Jim Smart
November 29, 2006

Cylinder-head port design and modification has been a source of speculation for as long as there have been internal combustion engines. Because engines are power-making air pumps, airflow volume and velocity through the ports and chambers is significant to making power. But did you know there's a lot more to cylinder-head porting and power than cylinder heads themselves?

Contrary to what you might have learned in bench racing, larger port size does not always mean more power. Port shape is the key to power and when that power becomes available. Cylinder-head porting begins with the proper cylinder head, intake manifold, and carburetor. It also begins with proper header selection because what you bolt to a cylinder head becomes the strongest or weakest link in the power equation. All the gains of the port job are lost at the intake manifold or exhaust headers if we don't make the right choice.

The porting process should begin and end with a flow bench. Mark Jeffrey of Trans Am Racing checks his port work before it even begins to chart a bench mark. Then he examines the ports to see where they need help. Each porting session ends with flow-bench testing. Mark isn't afraid to come back again and again until he's satisfied.

Porting begins with the intent for the engine. What do you want your engine to do? Are you going racing? If so, what kind of racing? If you're building for the daily commute, go more for low-end torque than high-end power. Perhaps the commute will involve some weekend racing or friendly open road rivalry. That means the engine must do both effectively.

Preparation Before Porting
Porting begins with the carburetor, intake manifold, and header. It must first begin with induction and exhaust because a port job is only as productive as its weakest link. Carburetor sizing and intake-manifold port matching are crucial to the success or failure of a port job.

Carburetor sizing is critical to performance with or without porting. Too much carburetor can be as bad as not enough. Below is a quick-reference formula to follow for carburetor selection. Each application may call for a little more or a little less depending on your expectations and engine modifications.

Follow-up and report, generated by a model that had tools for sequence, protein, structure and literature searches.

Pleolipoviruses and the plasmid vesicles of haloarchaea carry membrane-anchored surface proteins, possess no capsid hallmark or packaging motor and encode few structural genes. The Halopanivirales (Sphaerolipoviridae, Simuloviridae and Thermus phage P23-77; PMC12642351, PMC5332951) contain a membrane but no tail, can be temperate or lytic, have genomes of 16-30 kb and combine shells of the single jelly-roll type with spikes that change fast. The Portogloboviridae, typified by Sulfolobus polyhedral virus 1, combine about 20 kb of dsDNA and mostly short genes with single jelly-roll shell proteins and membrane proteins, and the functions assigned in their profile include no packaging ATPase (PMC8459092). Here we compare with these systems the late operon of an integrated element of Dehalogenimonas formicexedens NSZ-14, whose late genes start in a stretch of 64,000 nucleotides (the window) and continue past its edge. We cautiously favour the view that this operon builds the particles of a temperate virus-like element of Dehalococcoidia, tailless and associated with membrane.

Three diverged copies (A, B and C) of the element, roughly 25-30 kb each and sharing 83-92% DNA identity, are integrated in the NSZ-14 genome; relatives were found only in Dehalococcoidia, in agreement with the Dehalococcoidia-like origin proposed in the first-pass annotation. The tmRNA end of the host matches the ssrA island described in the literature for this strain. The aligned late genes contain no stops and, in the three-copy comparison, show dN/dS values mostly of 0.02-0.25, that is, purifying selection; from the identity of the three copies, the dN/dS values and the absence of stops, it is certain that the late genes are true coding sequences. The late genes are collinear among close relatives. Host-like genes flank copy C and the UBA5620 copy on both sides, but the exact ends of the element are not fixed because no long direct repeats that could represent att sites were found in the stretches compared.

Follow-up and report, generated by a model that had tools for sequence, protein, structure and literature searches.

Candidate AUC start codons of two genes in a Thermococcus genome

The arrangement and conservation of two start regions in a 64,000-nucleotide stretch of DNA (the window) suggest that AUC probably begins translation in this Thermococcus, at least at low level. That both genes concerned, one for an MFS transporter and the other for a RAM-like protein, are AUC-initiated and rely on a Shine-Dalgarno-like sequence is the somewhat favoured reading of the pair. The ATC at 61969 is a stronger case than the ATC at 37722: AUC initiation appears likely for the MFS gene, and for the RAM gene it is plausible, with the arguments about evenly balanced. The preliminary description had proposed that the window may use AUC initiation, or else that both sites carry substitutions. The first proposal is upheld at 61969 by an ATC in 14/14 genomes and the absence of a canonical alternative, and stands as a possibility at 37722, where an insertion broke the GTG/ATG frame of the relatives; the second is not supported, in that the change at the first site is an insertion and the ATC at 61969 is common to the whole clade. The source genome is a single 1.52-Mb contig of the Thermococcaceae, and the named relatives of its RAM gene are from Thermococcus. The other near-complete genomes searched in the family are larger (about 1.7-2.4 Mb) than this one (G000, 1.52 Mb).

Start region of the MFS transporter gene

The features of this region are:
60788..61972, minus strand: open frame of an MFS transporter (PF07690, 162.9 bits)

Mark tells us the humble 289 C5AE cylinder-head casting with its 53-57cc chambers makes an excellent factory iron casting for port work. Because Hi-Po head castings are valuable, we don't suggest you port them. However, 2V/4V C5AE and C6AE castings are good portable castings because there's lots of iron to work with. The casting walls are nice and thick, which allows you to make these heads even better than 351W castings, according to Mark. The smaller chambers and thick walls make them good candidates.

Proper carburetor sizing is only the beginning of proper porting. Intake manifold selection is the next phase. Manifold selection isn't just about single-plane versus dual-plane, it's also about port compatibility. Intake-manifold ports must match cylinder-head ports. Any size difference creates all kinds of airflow disturbance issues that adversely affect power. Manifold and cylinder-head port sizes are rarely spot on, even when made by the same manufacturer. Blindly installing an intake manifold without checking port compatibility is just plain foolish. Your engine will run and it will make power, however, it won't make as much power as it would with matched ports.

Porting Terminology
Short-side turn: The short-turn wall from the port floor to the valve seat.

Long-side turn: The path along the port roof down to the valve seat.

Port wall: The vertical sides of each port.

Inside wall: The port wall which leads to the center or inside.

Outside wall: The port wall which leads to the outside.

Short turn: A short radius turn, typically at the port bottom.

Long turn:
A long radius turn, typically at the port roof.

Photo Gallery

View Photo Gallery